Studies show that regularly consuming large quantities of caffeine can result in increased blood pressure, sleep disturbance, headaches and stomach aches. Energy drinks have also been proven to affect children’s mental health, causing self-destructive behaviour, insomnia, problems with behavioural regulation and poor lifestyle behaviours, such as a poor diet and the consumption of fast food. It has also been shown that children who drink energy drinks are more likely to consume alcohol, smoke or take drugs in later life. Governments of all parties have introduced important and much-needed measures to tackle childhood obesity and poor dietary health, but I believe that if we leave this avenue open, children will be at risk of poor health impacts, both now and in their future life.
I am sure that many companies will say that they do not directly market their products to children, but energy drinks are highly sweetened and are often sold for as little as 30p, and the packaging sometimes contains marketing techniques such as video game rewards. In addition, studies have found that children perversely associate these sometimes unhealthy drinks with sporting activities. Many of the larger energy drink manufacturers sponsor extreme sports events such as the Red Bull cliff diving series, or major sporting occasions such as the Carabao cup.
Energy drinks are often associated with children’s favourite sports or a general culture of glamorous, adventurous, risk-taking behaviour. Many carry names such as Relentless, Monster and Boost, which often look thrilling and risky to children and have associations with danger and excitement. Young people report that they see such products advertised on television, in video games and through sports sponsorships, despite pledges from advertisers to reduce such advertising. In a recent study organised by Teesside University, in conjunction with four other universities in the north-east, one child said:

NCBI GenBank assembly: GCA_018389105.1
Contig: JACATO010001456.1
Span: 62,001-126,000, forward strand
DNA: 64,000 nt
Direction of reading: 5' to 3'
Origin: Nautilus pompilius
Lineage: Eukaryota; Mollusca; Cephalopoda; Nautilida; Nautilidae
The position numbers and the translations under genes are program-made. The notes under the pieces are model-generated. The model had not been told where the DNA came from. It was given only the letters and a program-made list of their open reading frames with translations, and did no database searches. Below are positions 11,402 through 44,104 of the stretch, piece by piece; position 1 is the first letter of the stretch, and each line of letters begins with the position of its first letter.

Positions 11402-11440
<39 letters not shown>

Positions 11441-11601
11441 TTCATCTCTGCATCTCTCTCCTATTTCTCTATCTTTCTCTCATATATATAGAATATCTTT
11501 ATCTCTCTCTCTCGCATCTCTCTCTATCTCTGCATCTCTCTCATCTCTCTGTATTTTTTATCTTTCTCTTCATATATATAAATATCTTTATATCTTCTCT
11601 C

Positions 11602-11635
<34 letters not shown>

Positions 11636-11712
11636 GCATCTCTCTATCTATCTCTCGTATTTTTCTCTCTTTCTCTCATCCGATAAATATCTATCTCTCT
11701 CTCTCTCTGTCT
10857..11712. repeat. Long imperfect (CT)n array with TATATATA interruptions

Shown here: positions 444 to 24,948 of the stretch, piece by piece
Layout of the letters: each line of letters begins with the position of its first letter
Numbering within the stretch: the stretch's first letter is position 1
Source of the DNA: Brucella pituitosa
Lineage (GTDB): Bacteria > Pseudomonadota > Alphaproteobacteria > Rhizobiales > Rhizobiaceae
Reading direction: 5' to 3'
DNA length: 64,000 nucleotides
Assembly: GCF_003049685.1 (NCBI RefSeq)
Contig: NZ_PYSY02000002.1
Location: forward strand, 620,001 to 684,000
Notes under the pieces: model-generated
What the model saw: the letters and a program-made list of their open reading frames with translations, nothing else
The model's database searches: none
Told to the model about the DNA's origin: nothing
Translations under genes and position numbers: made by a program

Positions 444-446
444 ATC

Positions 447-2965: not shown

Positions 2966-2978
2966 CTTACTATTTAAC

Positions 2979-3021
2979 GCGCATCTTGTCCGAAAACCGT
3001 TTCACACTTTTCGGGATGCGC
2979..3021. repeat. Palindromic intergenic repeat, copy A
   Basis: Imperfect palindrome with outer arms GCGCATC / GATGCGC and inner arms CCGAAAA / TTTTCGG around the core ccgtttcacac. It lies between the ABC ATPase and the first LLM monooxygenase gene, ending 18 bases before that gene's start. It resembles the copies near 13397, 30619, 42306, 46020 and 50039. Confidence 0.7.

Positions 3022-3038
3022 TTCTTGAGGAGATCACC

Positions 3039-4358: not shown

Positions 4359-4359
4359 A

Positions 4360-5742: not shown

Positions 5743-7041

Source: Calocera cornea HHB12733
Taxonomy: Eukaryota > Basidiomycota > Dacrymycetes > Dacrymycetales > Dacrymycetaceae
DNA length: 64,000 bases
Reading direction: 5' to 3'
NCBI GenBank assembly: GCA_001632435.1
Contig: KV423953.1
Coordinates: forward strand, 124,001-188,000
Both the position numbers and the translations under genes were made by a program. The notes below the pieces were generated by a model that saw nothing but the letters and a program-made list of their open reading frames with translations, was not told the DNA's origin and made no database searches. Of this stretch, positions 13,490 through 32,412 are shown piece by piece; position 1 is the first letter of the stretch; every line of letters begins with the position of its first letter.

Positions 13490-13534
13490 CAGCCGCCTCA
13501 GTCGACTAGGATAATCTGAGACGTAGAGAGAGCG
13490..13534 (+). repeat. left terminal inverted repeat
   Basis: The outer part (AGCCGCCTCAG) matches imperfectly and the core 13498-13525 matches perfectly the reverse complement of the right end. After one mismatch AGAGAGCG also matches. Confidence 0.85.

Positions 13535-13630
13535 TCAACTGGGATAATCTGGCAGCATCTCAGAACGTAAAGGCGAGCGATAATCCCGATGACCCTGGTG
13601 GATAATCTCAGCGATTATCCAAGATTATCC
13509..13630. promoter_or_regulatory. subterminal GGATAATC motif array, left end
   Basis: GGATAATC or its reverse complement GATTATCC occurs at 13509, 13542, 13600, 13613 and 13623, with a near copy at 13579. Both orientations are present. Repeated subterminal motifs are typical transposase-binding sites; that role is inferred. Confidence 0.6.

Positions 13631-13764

“If you’re playing on your tablet or something and you’re playing a game, an advert pops up for Relentless.”
Will the Minister promise to look at ways of strengthening the rules on how those companies advertise and promote themselves to children?
Consuming energy drinks affects not just children’s health but their education. Many teachers, teaching unions and school staff have expressed the view that students should not be able to purchase such drinks. A survey carried out by the NASUWT found that 13% of teachers and school leaders identified energy drinks as the main contributor to poor behaviour that they had witnessed. Teachers have previously said that such drinks are a contributory factor to classroom violence and falling asleep in class.
Many schools have already prohibited energy drinks from school grounds, but that is not enough on its own. Teachers need Government support. Banning energy drinks from schools does not prevent students from drinking them off site and then coming into school. A study commissioned by the Scottish Government found that one in four 13 to 15-year-olds purchased an energy drink when they went out of school at lunch time. Will the Minister commit to supporting teachers and schools by joining them in prohibiting children from buying such drinks?
I am sure that many Members have seen in the press that retailers such as Waitrose, Tesco and WHSmith, and many cinema chains and petrol garages, have already stopped selling energy drinks to under-16s. I welcome those steps and agree that they are important, but they are not enough. The Association of Convenience Stores estimates that 53% of independent convenience retailers do not sell energy drinks, but the lack of clarity about how often children can purchase and drink them means that there are still hundreds, if not thousands, of outlets where children can buy such drinks with no protection. I recently heard of an offer that enabled children to buy four cans of an energy drink for £1. I heard that one child was going in, buying four drinks and splitting them among his friends. They are readily accessible and very cheap, and there is not enough clarity or regulation, so retailers do not know how to handle it.
It is not enough for the Government to leave it to retailers, because only responsible retailers will take the responsible steps. That would leave children’s health to the lottery of whether their local shop will sell the drinks to them. When asked about this issue previously in Parliament and in written questions, Ministers have said that they will follow it and look at any scientific evidence, but there is already ample scientific evidence—at least 11 qualitative and quantitative studies have been carried out on the subject.